Since time immemorial curious adolescents have been yearning to know more and discover facts and skills they never knew. They had been searching far and wide for higher knowledge power and skills and that thirst brought them towards a master, guru or a sensai to prove their worth to be able to be recruited as their disciple. Thus the guru-shishay parampara (teacher-student relationship) was born.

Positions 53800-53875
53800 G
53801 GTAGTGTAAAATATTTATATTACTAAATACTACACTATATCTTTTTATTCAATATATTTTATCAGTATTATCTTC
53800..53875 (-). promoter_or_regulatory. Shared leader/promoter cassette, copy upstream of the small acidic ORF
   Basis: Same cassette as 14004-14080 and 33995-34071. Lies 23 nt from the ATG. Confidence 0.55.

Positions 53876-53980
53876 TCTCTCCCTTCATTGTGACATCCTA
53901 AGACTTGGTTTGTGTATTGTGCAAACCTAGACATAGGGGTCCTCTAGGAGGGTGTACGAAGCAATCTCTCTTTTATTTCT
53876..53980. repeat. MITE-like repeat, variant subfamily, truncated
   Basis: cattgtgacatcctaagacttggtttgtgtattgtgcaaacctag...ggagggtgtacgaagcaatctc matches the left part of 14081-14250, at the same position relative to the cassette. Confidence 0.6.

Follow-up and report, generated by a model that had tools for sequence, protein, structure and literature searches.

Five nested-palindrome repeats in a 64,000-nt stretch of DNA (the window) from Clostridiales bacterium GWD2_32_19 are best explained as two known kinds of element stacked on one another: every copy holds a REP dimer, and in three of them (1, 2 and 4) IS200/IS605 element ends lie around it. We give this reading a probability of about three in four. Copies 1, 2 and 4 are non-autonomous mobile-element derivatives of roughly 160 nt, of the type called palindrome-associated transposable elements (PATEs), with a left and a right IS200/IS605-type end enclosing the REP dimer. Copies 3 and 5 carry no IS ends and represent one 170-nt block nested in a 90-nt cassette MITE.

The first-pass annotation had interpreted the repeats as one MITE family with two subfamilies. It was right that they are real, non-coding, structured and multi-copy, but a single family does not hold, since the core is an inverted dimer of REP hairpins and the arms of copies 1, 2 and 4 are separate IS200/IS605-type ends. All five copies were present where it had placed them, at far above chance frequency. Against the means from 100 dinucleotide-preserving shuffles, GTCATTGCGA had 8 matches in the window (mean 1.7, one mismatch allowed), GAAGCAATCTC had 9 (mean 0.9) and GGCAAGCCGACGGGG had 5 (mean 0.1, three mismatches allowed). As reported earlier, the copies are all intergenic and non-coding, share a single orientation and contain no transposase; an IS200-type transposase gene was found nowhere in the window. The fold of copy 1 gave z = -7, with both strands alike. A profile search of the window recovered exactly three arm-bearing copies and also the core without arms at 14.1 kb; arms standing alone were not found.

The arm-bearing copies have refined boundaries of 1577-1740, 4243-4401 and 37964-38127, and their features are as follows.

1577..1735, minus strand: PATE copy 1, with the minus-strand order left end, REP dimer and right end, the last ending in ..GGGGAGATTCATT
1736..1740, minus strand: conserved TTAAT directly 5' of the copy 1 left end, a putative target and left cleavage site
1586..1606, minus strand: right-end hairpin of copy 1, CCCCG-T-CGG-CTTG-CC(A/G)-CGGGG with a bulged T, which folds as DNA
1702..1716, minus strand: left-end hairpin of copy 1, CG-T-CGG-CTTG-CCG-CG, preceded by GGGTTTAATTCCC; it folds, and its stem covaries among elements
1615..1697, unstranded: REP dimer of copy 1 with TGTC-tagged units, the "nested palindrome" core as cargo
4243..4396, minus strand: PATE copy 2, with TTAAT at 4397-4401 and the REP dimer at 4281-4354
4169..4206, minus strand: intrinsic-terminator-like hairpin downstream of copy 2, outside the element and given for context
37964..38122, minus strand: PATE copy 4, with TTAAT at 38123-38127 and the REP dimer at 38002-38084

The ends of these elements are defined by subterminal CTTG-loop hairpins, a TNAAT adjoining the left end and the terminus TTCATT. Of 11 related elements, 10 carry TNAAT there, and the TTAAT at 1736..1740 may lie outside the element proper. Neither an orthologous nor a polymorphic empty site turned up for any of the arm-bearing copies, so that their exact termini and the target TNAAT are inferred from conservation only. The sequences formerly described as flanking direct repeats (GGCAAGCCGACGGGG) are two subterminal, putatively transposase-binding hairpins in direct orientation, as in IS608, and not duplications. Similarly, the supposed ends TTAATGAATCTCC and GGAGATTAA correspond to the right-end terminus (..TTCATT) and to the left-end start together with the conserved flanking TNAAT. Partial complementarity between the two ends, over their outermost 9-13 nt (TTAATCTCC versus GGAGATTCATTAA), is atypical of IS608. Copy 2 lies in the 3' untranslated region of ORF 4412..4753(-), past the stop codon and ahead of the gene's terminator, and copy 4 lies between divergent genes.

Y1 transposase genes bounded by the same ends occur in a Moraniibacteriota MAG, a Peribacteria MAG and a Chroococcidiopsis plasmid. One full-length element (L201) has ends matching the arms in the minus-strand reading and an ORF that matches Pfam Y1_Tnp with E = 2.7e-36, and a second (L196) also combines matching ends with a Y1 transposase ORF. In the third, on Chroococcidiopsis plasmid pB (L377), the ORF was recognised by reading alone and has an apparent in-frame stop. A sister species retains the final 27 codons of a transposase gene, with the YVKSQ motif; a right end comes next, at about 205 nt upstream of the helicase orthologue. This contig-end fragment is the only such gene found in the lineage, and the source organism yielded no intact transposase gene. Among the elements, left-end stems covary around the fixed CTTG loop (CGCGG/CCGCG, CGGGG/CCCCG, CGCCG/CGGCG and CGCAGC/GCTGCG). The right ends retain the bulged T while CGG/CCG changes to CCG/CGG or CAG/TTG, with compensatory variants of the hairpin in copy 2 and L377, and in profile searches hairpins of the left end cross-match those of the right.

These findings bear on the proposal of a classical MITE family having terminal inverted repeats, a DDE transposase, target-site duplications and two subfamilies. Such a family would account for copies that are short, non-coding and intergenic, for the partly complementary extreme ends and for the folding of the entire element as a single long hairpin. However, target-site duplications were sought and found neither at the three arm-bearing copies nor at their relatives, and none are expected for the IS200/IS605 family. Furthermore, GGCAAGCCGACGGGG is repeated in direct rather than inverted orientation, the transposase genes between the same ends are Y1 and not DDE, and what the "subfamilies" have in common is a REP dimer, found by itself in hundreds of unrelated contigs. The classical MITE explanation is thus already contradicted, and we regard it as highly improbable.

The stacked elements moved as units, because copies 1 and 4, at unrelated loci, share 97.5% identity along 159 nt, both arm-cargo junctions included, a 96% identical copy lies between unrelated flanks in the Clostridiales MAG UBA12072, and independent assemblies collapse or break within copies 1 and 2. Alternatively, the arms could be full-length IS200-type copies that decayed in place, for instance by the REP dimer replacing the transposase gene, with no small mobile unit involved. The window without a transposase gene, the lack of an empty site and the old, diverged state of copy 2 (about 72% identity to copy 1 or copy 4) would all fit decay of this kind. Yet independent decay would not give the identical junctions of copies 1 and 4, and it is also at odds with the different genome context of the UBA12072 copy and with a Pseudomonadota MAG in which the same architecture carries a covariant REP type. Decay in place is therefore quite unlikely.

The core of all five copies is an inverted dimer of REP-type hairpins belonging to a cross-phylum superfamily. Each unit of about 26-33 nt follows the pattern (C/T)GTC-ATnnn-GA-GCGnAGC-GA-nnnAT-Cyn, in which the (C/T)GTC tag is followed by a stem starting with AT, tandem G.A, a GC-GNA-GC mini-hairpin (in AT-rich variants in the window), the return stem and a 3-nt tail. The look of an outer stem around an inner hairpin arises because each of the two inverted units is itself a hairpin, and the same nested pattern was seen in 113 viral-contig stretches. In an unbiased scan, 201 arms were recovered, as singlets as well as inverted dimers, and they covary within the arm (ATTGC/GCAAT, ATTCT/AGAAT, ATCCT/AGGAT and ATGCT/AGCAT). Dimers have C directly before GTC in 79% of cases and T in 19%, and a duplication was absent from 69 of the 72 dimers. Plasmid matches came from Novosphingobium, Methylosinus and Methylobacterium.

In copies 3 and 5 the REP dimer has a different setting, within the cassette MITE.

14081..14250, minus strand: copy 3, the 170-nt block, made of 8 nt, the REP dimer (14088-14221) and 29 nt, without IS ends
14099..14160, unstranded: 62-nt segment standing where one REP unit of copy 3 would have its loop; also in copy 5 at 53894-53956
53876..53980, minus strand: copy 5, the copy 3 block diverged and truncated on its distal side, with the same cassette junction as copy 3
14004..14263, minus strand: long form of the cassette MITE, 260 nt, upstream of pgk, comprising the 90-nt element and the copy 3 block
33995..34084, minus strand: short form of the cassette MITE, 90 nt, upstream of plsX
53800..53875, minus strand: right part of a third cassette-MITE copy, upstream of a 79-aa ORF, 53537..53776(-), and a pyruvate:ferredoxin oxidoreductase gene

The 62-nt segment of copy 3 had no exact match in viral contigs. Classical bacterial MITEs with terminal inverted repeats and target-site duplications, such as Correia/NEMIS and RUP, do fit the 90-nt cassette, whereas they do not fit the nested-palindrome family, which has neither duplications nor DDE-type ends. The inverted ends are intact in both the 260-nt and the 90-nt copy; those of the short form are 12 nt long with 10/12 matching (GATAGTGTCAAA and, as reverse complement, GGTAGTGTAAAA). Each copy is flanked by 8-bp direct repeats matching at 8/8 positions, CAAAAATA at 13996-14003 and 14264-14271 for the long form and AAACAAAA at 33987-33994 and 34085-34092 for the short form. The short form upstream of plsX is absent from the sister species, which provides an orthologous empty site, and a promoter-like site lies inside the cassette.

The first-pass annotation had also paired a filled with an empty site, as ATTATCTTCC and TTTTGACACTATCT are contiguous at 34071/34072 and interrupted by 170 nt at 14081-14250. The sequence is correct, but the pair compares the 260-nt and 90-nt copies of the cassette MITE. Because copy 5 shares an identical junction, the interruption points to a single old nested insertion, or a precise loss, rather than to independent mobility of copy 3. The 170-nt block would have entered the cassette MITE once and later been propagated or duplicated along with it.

Young men had to be tested through tough ordeals to be able to withhold the burden of the wisdom they wanted to procure. It was an intensely deep life changing experience with the disciple giving his full dedication and loyalty to the guru in order to learn. The guru in return provided not only knowledge unknown to the student but also polished not only the student’s skills but gave him everlasting wisdom and emotional and spiritual guidance. It was a full package, there wasn’t a single aspect of the student’s life which the guru wouldn’t nourish. It was a complete transformation of mind, body and soul and when the disciple had his training complete he would set on his own path and be prepared for any trials and tribulations that could await him. He was ready for the world and it’s challenges, entirely. The guru would nourish and nurture the personality of the student. The teachings of the great gurus Buddha, Confucius, Shams Tabrezi, were so valuable that they have been preserved uptil today as valuable lessons passed on from disciple to disciple. Teaching is a great responsibility indeed, to be a teacher is to be in a profoundly revered profession.